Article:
Pick your battles.

If you want to win, in war or in politics, you pick the battles you can win. Losers fight any battle that comes along. It is the problem facing the major opposition parties in the coming election. It is a special problem for conservative leader Erin O’Toole. He is between the proverbial rock and the hard place.

O’Toole’s conservatives need an environmental platform that will convince eastern Canada that the party is sincere about saving the world from greenhouse gasses. At the same time, they have to convince the climate change deniers in the west that, under the conservatives, they can continue to pump up the bitumen from the tar sands and knock down mountains for coal.

‘Simple,’ you say? You must be forgetting the master-servant relationship between Erin O’Toole and Alberta premier Jason Kenney. Who do you think touched O’Toole’s shoulders with the sword of approval during the recent conservative leadership contest? It was Jason Kenney who gave O’Toole the Western Blessing. It was a Jason Kenney who was riding high in the saddle at the time and could promise O’Toole those western votes.

Jason Kenney might have fallen on bad times recently; but never forget, he is still one of the slipperiest politicians in Canada. When Stephen Harper was making his retirement plans in 2015, Kenney was plotting his triumphant return to Alberta.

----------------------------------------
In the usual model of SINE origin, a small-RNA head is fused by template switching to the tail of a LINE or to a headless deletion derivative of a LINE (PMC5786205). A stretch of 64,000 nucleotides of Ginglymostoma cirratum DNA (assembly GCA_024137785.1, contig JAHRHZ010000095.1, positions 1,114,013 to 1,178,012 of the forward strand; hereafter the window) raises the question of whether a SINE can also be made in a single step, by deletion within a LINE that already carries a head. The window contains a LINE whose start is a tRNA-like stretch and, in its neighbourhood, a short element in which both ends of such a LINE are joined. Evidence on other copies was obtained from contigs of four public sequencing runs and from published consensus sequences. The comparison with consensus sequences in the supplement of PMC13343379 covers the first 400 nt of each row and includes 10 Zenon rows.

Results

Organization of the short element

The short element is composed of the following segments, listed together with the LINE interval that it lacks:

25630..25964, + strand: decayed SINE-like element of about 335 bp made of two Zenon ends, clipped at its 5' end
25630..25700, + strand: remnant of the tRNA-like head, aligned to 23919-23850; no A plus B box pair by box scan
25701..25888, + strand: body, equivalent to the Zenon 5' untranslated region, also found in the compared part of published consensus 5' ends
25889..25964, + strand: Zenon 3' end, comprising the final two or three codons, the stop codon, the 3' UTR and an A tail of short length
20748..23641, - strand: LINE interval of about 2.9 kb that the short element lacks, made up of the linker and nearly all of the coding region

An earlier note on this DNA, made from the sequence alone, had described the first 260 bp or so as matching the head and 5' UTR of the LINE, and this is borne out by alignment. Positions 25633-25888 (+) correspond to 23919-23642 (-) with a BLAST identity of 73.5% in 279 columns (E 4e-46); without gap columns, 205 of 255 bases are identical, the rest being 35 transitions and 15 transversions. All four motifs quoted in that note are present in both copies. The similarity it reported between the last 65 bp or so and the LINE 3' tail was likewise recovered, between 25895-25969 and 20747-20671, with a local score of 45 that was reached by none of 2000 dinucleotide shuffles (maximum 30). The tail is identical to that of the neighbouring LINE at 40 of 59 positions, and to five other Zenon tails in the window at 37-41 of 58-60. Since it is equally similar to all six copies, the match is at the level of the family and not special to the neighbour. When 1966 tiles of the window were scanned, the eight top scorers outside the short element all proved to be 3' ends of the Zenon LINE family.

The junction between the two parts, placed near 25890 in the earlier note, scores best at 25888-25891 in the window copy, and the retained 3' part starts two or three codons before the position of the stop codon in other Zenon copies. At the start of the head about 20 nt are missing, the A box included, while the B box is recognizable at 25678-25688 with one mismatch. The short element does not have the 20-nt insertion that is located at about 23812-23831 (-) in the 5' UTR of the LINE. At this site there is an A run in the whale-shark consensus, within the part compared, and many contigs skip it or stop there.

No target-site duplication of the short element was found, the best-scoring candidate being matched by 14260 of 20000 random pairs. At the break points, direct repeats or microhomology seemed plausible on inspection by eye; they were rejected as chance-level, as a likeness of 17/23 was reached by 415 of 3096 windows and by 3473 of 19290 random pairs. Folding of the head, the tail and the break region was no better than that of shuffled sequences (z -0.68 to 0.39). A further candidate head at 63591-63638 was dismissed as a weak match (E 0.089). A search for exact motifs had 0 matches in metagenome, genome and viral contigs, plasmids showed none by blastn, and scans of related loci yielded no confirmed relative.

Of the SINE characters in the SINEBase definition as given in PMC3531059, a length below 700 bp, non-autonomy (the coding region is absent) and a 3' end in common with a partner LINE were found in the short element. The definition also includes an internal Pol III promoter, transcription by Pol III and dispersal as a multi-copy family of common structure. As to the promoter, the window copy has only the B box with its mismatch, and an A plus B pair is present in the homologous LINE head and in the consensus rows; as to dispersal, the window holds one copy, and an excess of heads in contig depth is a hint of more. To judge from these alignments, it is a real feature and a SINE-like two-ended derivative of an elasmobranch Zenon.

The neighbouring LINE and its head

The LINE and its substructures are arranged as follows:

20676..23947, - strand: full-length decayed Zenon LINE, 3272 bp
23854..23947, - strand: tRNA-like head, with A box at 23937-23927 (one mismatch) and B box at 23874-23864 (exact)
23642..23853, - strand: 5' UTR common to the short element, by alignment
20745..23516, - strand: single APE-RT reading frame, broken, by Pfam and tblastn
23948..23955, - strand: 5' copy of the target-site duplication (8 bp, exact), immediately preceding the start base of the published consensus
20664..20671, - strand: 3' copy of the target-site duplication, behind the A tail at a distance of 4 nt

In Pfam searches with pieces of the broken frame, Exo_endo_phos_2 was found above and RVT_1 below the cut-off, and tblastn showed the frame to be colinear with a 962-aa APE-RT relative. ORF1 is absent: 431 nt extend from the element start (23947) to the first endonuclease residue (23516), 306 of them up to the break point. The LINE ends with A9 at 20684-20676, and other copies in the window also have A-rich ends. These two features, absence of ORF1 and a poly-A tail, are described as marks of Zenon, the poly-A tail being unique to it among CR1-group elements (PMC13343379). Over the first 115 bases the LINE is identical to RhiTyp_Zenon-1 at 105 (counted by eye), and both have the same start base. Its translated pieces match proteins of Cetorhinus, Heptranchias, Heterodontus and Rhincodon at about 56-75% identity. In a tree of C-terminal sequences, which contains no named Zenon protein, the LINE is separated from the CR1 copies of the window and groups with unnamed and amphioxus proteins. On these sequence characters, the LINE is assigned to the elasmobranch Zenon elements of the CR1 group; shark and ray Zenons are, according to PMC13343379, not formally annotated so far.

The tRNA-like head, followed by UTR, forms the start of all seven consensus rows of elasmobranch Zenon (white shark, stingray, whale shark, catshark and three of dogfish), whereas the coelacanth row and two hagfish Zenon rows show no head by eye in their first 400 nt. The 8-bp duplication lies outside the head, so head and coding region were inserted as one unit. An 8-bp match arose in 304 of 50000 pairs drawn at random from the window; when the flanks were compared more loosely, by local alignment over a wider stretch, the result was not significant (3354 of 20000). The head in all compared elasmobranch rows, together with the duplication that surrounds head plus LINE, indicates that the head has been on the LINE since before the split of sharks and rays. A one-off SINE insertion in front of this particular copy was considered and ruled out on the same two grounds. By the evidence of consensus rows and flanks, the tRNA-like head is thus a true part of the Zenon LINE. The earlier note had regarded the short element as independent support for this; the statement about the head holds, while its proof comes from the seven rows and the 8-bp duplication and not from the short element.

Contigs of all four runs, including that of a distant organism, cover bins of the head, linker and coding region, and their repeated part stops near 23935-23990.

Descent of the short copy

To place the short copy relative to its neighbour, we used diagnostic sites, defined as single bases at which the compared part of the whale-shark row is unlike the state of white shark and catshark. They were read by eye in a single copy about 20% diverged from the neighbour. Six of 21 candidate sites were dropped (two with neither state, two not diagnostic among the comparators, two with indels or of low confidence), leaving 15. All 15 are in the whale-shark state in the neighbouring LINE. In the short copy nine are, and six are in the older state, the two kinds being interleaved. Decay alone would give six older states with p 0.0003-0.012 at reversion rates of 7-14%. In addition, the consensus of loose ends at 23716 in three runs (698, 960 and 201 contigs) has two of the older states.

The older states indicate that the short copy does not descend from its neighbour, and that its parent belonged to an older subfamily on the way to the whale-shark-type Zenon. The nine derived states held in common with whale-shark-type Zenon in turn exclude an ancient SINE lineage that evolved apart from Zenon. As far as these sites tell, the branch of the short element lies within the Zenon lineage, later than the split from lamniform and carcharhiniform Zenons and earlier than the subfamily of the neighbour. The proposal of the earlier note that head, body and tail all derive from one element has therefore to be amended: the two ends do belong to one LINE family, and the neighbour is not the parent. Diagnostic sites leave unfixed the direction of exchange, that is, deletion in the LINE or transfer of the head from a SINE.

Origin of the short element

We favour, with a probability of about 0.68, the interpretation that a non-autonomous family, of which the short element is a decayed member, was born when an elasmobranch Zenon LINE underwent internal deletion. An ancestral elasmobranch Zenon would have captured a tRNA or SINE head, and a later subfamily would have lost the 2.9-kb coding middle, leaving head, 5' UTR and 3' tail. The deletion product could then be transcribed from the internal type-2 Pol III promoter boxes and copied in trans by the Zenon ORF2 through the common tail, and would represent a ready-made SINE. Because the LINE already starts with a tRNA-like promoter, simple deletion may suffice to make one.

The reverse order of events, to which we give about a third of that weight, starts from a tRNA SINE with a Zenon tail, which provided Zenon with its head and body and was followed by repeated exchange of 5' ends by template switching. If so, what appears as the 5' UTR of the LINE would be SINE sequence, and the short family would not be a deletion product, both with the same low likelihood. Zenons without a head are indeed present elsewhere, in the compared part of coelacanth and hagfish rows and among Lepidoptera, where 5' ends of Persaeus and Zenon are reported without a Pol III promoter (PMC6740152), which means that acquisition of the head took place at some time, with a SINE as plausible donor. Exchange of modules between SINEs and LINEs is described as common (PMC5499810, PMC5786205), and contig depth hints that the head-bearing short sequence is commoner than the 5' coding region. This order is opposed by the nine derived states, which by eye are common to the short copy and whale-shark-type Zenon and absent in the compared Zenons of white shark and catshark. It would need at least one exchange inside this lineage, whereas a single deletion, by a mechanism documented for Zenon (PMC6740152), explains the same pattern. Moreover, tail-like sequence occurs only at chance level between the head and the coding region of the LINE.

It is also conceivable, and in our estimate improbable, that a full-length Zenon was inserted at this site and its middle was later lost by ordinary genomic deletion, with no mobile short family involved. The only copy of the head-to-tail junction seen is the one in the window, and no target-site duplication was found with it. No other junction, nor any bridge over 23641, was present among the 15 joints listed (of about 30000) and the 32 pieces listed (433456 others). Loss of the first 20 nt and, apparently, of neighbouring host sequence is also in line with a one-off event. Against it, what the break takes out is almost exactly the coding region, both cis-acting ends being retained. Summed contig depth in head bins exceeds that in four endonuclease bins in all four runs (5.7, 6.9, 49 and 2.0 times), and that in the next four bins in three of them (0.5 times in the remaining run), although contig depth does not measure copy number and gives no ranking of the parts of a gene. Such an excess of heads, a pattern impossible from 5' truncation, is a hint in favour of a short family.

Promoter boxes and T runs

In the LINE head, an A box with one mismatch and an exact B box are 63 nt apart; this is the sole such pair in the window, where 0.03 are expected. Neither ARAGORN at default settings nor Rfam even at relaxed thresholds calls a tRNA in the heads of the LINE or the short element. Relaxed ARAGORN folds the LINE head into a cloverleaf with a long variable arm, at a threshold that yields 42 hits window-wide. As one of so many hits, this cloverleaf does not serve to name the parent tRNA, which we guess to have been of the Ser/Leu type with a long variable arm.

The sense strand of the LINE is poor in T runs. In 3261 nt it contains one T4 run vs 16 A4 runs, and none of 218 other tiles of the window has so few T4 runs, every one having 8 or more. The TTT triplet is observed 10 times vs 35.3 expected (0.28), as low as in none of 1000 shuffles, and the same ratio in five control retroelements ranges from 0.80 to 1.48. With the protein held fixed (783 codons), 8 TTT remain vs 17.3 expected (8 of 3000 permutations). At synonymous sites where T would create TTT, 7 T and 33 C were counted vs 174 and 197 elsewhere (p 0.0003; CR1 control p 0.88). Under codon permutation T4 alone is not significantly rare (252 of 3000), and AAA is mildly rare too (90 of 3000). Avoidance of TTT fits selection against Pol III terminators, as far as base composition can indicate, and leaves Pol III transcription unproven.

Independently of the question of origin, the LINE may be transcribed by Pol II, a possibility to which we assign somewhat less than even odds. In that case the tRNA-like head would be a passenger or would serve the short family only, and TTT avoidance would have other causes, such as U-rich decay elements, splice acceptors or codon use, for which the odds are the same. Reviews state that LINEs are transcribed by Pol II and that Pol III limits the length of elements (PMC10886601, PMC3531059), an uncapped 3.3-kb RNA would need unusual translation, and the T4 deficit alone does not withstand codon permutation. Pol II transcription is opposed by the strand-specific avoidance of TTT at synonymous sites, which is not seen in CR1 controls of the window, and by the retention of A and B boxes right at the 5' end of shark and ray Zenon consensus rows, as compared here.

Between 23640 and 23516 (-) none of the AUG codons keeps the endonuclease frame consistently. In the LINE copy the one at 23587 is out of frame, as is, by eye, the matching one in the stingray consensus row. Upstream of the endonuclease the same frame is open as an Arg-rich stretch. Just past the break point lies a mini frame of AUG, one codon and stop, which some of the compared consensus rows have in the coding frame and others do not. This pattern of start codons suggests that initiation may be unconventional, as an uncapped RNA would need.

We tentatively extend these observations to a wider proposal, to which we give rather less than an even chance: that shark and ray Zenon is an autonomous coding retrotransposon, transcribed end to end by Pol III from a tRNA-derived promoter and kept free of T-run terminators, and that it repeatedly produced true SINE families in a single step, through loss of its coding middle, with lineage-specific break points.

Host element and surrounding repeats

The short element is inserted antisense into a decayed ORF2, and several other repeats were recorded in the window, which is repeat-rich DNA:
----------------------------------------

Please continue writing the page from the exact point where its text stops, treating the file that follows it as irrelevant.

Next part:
The federal new democrats have a different problem as they have had the Leap Manifesto since 2016. A radical environmental approach, the party still does not know what to do with it. At the time it was introduced, leader Tom Mulcair was trying to stake out a middle of the road platform and the Leap Manifesto was too radical for him. No doubt, Jagmeet Singh would like to revive the manifesto now. The question is, Jagmeet might lead with it but whether the party would follow is a different question.

The best bet for the opposition parties is a ‘Cap and Trade’ policy. We already have that in Quebec and British Columbia. Ontario was also partnered with Quebec and California in a ‘Cap and Trade’ plan until the Ford conservatives came to power and cancelled it. Like most Canadians, Ford did not understand it. That might help the opposition get voters to support it.

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Copyright 2021 © Peter Lowry

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